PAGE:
Moak served as the president of his fraternity, where he led efforts to address the importance of mental health. In 2020-21, he served as the president of the Accounting and Finance Honors Fraternity, where the membership recently doubled. He majored in accounting and finance and was a member the Global Scholars Honors Pathway program.

The final two awards, the Diachun and Evans Scholar awards, were a result of a gift from Karen and Jan Henson, established to recognize the highest academic achievement. All Lewis Honors College students are eligible to receive these awards. Candidates are selected based on their GPA and course rigor at the end of December before their graduating year. This distinction includes a monetary award of $3,000. 

The Diachun Scholar Award is given to a senior majoring in science or a related field. The 2021 finalists were Emily Andreasson, Thomas Calderaro, Carson Hardee, Claire Scott and Clarissa Somers. The winner was Clarissa Somers.

Somers majored in food science, was active in undergraduate research, gained experience as a production management intern and has served as a peer leader. She plans to attend graduate school at University College Cork to continue her studies in food science.

Somers’ research interests are in the study of human breast milk and Assistant Professor Rachel Schendel from the College of Agriculture, Food, and Environment believes that Somers will achieve many great things in her future scientific research.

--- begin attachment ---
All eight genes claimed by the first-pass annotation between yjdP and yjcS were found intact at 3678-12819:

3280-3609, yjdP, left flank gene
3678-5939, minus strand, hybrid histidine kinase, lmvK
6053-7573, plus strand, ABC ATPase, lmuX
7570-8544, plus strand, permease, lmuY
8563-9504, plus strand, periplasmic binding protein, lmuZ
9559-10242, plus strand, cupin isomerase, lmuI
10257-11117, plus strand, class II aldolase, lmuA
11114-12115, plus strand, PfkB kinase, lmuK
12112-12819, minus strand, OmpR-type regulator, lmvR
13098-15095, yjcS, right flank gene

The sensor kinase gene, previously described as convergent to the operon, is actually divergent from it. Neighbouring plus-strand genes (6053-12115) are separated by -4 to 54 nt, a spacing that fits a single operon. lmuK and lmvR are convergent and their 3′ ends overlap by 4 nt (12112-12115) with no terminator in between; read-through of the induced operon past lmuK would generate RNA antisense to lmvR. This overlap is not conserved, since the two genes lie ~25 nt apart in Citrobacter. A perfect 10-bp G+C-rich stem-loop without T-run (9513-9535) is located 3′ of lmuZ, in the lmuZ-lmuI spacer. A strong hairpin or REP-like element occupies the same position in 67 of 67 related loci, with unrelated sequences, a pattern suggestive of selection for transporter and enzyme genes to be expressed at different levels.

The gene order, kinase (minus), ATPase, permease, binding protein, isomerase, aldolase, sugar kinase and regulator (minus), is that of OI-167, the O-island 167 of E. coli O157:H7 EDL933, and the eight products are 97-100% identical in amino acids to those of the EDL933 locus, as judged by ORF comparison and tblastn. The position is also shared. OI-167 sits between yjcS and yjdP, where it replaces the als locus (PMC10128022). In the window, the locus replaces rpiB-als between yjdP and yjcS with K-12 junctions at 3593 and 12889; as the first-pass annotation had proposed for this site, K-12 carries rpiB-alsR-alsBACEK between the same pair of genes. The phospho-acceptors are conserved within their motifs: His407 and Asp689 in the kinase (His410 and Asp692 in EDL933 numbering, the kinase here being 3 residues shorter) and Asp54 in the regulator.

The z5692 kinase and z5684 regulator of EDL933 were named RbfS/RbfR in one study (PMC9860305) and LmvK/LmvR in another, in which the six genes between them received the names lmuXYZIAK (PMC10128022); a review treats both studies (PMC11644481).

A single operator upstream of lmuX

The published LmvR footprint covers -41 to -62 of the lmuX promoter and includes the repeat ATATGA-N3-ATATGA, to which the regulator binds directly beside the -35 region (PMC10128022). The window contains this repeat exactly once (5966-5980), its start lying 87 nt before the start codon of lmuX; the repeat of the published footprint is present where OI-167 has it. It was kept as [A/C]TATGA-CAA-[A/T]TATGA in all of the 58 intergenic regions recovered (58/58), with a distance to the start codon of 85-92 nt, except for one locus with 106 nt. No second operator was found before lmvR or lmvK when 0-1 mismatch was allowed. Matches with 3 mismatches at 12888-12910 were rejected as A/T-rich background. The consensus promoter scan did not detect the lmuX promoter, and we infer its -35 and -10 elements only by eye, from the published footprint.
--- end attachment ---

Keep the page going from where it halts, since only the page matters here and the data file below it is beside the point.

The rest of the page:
“As I got to know Clarissa better and discuss her career goals, I was impressed by her extraordinary long-term vision, organization and commitment to her chosen field,” Schendel said in her recommendation for Sommers. “Clarissa’s lightbulb ‘I want to dedicate my life to this’ moment happened in high school, where she had the opportunity to join a university research lab as a research intern investigating barriers to breastfeeding implementation. She realized that she wanted to understand breast milk at a chemical and physiological level and thus needed to choose an undergraduate program that would provide a solid basic science foundation as well as specialized training in food chemistry, analysis, nutrition and processing. Food science as an undergraduate major has well-prepared her for building a career in breast milk research, and her decision to pursue a taught master’s in food science at University College Cork is a sound follow-up.”